Noting the important parallels between scientific theory and Christian doctrine, McGrath offers a sustained defence of the necessity of doctrine within Christian theology against those who argue for a "non-dogmatic" Christianity. The approach developed within this volume builds on the work of writers such as Heidegger and Habermas, and argues that theory is to be conceived in terms of the communal beholding of reality. The many theoretical issues to be addressed in this volume include the manner in which closure is secured in theological theorizing, the implications of the stratification of reality for its representation, the place of metaphysics in Christian theology, and the nature of revelation itself. Viewed as a whole, "Theory" represents a fresh evaluation of the origins and place of theory in Christian theology, which is certain to provoke discussion and debate. This third volume completes the "A Scientific Theology" series. "A Scientific Theology" is a groundbreaking work of systematic theology in three volumes: "Nature", "Reality" and "Theory". Now available as a three volume set.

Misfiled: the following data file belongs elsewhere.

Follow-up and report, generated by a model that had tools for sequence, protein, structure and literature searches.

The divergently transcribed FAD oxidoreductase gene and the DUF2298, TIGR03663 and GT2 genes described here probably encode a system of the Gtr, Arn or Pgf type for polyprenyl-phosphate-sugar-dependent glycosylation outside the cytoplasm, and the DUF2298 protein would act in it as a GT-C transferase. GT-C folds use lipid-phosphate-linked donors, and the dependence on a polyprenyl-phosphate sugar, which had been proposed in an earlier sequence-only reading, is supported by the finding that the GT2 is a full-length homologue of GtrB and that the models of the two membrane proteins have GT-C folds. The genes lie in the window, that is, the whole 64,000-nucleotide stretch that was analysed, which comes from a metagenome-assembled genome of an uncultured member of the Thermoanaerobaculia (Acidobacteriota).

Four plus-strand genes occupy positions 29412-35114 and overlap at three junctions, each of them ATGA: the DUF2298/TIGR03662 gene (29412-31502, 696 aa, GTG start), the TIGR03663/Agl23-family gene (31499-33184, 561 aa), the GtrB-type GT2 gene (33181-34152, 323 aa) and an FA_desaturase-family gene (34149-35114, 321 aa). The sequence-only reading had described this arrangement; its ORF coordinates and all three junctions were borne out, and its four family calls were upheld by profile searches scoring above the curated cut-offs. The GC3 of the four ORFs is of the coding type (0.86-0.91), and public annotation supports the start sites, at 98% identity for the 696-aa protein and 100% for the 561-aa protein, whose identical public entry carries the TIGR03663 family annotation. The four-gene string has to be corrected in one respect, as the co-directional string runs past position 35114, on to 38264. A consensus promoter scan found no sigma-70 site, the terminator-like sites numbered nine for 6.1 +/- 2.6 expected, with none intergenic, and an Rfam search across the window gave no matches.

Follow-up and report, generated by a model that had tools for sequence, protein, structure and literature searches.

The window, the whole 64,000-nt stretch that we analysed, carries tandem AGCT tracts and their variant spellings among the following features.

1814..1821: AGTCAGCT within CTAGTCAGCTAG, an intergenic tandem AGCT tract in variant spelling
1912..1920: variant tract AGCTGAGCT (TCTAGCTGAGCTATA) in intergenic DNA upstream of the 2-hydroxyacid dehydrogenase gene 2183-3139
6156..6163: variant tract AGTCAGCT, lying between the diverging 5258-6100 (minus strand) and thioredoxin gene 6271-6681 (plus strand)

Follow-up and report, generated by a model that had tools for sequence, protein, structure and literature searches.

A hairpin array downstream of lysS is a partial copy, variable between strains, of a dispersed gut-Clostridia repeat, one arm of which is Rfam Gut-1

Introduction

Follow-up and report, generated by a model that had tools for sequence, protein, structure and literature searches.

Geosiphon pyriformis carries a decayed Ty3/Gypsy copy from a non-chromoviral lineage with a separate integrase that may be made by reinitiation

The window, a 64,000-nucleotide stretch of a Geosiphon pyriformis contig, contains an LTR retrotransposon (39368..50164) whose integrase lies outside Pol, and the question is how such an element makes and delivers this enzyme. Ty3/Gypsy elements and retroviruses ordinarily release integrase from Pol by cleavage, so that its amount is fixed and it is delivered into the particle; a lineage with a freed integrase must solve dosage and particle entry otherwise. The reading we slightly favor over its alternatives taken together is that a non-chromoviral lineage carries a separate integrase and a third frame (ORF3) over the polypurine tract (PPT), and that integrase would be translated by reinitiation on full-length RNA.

Publisher: Bloomsbury Publishing PLC